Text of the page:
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I've been trying to find this story for years. It appeared in one of the sci-fi anthologies. One of the stories that appeared in the anthology with it is The Worm by David Keller.

The story I'm looking for is about an old man who goes for a mile walk as a daily routine like clockwork. One day, he starts on his routine when he notices that the corner store has disappeared. There's reports on the radio that it's happening around the world, things just fading to nothing. Every day he goes on his walk, more of the world is becoming nothing...just not there and he has to start cutting his route shorter and shorter.

At the end he's sitting in a chair, ruminating about what will happen to himself when he fades away to nothing. Will he be reincarnated, perhaps as a chair. Outside his window, the surrounding buildings are fading to nothing, then the walls on his house, and then his own hand.

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This looks like "The Street That Wasn't There" by Clifford Simak and Carl Jacobi, currently available as an ebook at Project Gutenberg.

It starts how you remember:

Mr. Jonathon Chambers left his house on Maple Street at exactly seven o'clock in the evening and set out on the daily walk he had taken, at the same time, come rain or snow, for twenty solid years.

The walk never varied. He paced two blocks down Maple Street, stopped at the Red Star confectionery to buy a Rose Trofero perfecto, then walked to the end of the fourth block on Maple. There he turned right on Lexington, followed Lexington to Oak, down Oak and so by way of Lincoln back to Maple again and to his home.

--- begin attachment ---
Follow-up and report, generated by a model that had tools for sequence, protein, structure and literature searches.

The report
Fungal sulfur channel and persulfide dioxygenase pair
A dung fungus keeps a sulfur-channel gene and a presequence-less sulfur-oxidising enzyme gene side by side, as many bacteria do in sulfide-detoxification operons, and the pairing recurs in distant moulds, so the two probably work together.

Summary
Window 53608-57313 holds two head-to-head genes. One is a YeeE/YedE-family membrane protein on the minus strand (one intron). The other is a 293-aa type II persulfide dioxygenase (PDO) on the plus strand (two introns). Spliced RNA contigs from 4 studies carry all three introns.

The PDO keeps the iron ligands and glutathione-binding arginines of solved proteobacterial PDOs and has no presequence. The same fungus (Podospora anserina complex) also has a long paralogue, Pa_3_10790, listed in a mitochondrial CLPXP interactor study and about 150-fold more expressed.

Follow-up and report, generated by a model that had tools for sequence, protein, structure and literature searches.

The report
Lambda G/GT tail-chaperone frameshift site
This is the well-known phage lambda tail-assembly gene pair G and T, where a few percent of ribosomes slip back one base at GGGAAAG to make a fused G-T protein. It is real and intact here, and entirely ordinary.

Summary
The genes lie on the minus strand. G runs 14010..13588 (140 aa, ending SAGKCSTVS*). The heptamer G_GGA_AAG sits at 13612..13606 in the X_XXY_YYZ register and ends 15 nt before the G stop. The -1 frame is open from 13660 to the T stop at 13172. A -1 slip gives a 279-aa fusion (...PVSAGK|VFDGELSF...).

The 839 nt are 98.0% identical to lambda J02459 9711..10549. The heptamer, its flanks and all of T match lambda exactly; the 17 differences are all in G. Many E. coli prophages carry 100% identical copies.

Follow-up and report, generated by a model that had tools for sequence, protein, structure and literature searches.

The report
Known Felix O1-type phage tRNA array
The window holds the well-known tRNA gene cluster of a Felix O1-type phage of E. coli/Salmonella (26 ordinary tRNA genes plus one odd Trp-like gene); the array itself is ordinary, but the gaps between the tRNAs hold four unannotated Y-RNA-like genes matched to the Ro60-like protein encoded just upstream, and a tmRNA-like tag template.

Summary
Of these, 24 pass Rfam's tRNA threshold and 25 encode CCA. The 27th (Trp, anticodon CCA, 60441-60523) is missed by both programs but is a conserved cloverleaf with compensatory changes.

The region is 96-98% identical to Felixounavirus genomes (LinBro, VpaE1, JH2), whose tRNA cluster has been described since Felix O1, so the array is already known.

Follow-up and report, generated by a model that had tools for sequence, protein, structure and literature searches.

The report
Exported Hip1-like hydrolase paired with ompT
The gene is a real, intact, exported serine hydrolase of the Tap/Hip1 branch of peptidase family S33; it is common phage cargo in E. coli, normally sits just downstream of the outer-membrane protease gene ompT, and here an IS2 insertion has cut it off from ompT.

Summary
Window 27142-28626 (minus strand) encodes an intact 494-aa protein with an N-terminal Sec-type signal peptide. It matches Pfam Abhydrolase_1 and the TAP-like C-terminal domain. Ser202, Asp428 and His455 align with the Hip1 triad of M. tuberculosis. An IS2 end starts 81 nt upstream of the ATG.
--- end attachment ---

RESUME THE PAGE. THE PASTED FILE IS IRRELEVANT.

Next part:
He didn't walk fast. He took his time. He always returned to his front door at exactly 7:45. No one ever stopped to talk with him. Even the man at the Red Star confectionery, where he bought his cigar, remained silent while the purchase was being made. Mr. Chambers merely tapped on the glass top of the counter with a coin, the man reached in and brought forth the box, and Mr. Chambers took his cigar. That was all.

And later finds the confectionary store gone:

All next day he was uneasy and as he left the house that evening, at precisely seven o'clock, he kept saying to himself: "You must not forget tonight! You must remember to stop and get your cigar!"

The street light at the corner of Jefferson was still out and in front of 816 the cemented driveway was still boarded off. Everything was the same as the night before.

And now, he told himself, the Red Star confectionery is in the next block. I must not forget tonight. To forget twice in a row would be just too much.

He grasped that thought firmly in his mind, strode just a bit more rapidly down the street.

But at the corner he stopped in consternation. Bewildered, he stared down the next block. There was no neon sign, no splash of friendly light upon the sidewalk to mark the little store tucked away in this residential section.

And ends with him alone in a room contemplating whether, when he goes as everything else must, if he'll merely be a 'thing' (not quite a chair).

But, after all, what was the use? One man, alone, could not stand off the irresistible march of nothingness. One man, all alone, simply couldn't do it.

He wondered what the elephant ash tray looked like in that other dimension. It certainly wouldn't be an elephant ash tray nor would the radio be a radio, for perhaps they didn't have ash trays or radios or elephants in the invading dimension.

He wondered, as a matter of fact, what he himself would look like when he finally slipped into the unknown. For he was matter, too, just as the ash tray and radio were matter.

He wondered if he would retain his individuality ... if he still would be a person. Or would he merely be a thing?

There was one answer to all of that. He simply didn't know.

It was collected with "The Worm" in the 1948 anthology "Strange Ports of Call" and later again with it in 1975's "Creatures from Beyond". Sometimes it is titled "The Lost Street" instead, and it has been apparently revised a couple times and so specific details might be different between the two stories and the Project Gutenberg version, but maybe you can track down the specific anthology and find the exact story you remember.

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